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Jetsetter: Dawnguard skips India and Poland’s game market blows up

Jetsetter cares not for your homebody ways! Jetsetter demands that you embrace the world, its countless cultures, subcultures, and languages!  Jetsetter knows you love video games and don’t want to leave them behind as you march forth onto continents new and strange. Good thing for you then that Jetsetter is also keeping an eye on what’s going on with video games in the world at large.

For newbies not yet familiar with the column, this is Jetsetter, Digital Trends’ weekly look at the international video game world, from culture, to business, to creation. The United States represents the biggest gaming market by revenue in the world, but that doesn’t give us the title of most vibrant scene.

The world being the global village it is today, Jetsetter is intended as an open forum, so come on in and tell us about things we may not otherwise know about. If you like what you see and want more, follow me on Twitter at @ajohnagnello.

* No Elder Scrolls V: Skyrim – Dawnguard for India?

Bad news for anyone in India with an Xbox 360 hoping to take their Dovahkiin for a brief spin around the countryside of Skyrim in the new Dawnguard expansion. Indian Video Gamer reported that following Dawnguard’s release, the expansion is nowhere to be found in the Xbox. Searches in Xbox Live Arcade return the message, “Sorry: This offer is not valid in your region.” We’ve reached out to Bethesda to figure out why Dawnguard hasn’t made it to India quite yet, but have yet to receive a response.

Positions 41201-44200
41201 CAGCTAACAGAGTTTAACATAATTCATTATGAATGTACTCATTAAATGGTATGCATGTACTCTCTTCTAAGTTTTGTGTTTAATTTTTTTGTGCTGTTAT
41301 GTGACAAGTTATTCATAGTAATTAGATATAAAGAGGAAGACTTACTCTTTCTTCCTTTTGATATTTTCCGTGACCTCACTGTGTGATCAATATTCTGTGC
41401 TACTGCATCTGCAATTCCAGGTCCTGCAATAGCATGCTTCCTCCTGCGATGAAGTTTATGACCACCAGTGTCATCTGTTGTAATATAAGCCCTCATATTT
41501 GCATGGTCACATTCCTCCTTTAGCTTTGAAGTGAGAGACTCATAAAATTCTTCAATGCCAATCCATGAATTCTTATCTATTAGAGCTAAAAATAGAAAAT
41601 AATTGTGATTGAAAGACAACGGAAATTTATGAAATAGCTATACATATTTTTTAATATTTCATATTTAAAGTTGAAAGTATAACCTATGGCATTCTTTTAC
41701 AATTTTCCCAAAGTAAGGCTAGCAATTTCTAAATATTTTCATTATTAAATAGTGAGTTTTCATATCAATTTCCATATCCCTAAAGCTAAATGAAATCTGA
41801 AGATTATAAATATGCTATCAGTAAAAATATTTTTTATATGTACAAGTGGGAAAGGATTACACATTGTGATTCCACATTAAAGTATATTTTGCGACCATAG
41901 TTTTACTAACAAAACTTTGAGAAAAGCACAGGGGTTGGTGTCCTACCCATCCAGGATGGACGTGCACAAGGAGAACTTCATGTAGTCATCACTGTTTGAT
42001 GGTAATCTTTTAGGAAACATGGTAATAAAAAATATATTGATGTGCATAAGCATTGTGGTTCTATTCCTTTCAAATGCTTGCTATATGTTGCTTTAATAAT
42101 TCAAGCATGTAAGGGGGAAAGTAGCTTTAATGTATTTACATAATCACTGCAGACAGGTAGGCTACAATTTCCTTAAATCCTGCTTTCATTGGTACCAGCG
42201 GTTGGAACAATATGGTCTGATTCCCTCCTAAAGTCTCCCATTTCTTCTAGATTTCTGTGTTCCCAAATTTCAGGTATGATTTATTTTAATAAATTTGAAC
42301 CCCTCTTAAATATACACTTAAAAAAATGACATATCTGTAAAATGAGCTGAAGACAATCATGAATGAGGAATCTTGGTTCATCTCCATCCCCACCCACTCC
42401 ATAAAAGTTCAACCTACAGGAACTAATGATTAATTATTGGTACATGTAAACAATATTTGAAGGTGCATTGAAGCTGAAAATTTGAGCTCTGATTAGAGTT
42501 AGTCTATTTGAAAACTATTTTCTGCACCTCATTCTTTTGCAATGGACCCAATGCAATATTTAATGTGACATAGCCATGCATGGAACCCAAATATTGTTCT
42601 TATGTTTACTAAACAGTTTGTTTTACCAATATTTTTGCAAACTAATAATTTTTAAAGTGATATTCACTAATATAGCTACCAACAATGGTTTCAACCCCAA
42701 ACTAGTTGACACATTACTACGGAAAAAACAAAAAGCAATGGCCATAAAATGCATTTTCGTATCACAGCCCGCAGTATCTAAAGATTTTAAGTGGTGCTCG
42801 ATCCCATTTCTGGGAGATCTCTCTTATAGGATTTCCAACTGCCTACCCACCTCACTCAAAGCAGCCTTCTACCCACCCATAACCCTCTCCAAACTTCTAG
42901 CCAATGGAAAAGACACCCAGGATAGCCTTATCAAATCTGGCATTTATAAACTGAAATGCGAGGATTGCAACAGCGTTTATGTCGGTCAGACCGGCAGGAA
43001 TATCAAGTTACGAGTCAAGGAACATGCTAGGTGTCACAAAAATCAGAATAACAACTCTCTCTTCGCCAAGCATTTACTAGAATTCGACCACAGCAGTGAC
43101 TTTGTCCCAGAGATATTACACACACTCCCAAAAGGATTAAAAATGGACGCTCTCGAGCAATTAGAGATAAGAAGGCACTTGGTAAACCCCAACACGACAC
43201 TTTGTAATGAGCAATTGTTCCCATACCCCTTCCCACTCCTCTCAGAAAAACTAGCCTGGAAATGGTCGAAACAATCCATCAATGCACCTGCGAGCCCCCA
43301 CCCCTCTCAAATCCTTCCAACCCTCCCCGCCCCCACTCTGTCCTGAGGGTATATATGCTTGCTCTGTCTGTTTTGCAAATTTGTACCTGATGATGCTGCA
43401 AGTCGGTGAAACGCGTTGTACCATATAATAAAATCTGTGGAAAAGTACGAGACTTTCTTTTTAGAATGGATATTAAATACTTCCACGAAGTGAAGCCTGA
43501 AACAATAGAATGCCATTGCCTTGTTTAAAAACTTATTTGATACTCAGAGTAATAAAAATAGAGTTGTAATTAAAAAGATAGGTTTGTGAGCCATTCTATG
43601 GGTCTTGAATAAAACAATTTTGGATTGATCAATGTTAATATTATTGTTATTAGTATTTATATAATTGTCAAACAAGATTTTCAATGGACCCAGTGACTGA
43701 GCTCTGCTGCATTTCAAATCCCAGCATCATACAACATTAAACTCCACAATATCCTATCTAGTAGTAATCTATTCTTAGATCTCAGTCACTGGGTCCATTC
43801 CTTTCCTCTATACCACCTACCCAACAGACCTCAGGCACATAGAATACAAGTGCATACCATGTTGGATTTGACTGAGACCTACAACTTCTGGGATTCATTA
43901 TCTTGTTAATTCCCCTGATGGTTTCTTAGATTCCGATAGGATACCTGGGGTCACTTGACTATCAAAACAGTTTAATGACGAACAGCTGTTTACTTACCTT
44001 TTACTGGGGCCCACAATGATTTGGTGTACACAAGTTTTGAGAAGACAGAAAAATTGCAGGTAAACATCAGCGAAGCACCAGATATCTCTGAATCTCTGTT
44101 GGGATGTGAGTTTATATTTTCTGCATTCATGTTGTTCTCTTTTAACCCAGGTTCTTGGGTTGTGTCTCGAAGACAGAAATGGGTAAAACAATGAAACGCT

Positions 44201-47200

UPDATE: Bethesda confirmed that Dawnguard will be available in India starting next week. Relief!


* Polish video game market worth $400 million, one-third of population plays games.

Poland has some absolutely spectacular video game studios. CD Projekt Red only has the two Witcher role-playing games under its belt, but those are good enough to distinguish the studio from RPG heavyweights like Bethesda and make its upcoming Cyberpunk one of the most exciting games on the next-gen horizon. Then there’s People Can Fly, creator of some of the most buoyant and fun shooters out there, including Bulletstorm and Painkiller. Poland is a happening place. It’s native video game industry in growing as well. A new study conducted by Newzoo found that of the 38.4 million people living in Poland, 11.8 million are video games. Estimates place the domestic market’s full value between $350 and $450 million this year.


Devil’s Third publishing rights back with Itagaki’s Valhalla Game Studios.

An interesting footnote in the ongoing disintegration of video game publisher THQ was the news that the publisher, currently consolidating itself into a company making just a few games targeted at the core gaming market, was looking to sell off the rights to Devil’s Third. A competitive third-person shooter, Third is notable for being the brain child of Tomonobu Itagaki, the infamous former head of Team Ninja, creator of the 2004 Ninja Gaiden and the Dead or Alive fighting series, and arguably the most outspoken figure in the Japanese game industry. Eurogamer reported on Wednesday that the rights to Devil’s Third have officially reverted back to Itagaki’s studio Valhalla. There are no hard feelings apparently. “Devil’s Third development is in its final stage now, and is most expensive in this term. In the West, we need to spend a great deal for advertisements—as much as development cost—to sell a lot. But it wasn’t a fit for [THQ’s] mid-term plan. They didn’t want to part with this IP but we all have to see into the future and at last they did, for us. We were anguished and they were really kind to us.”

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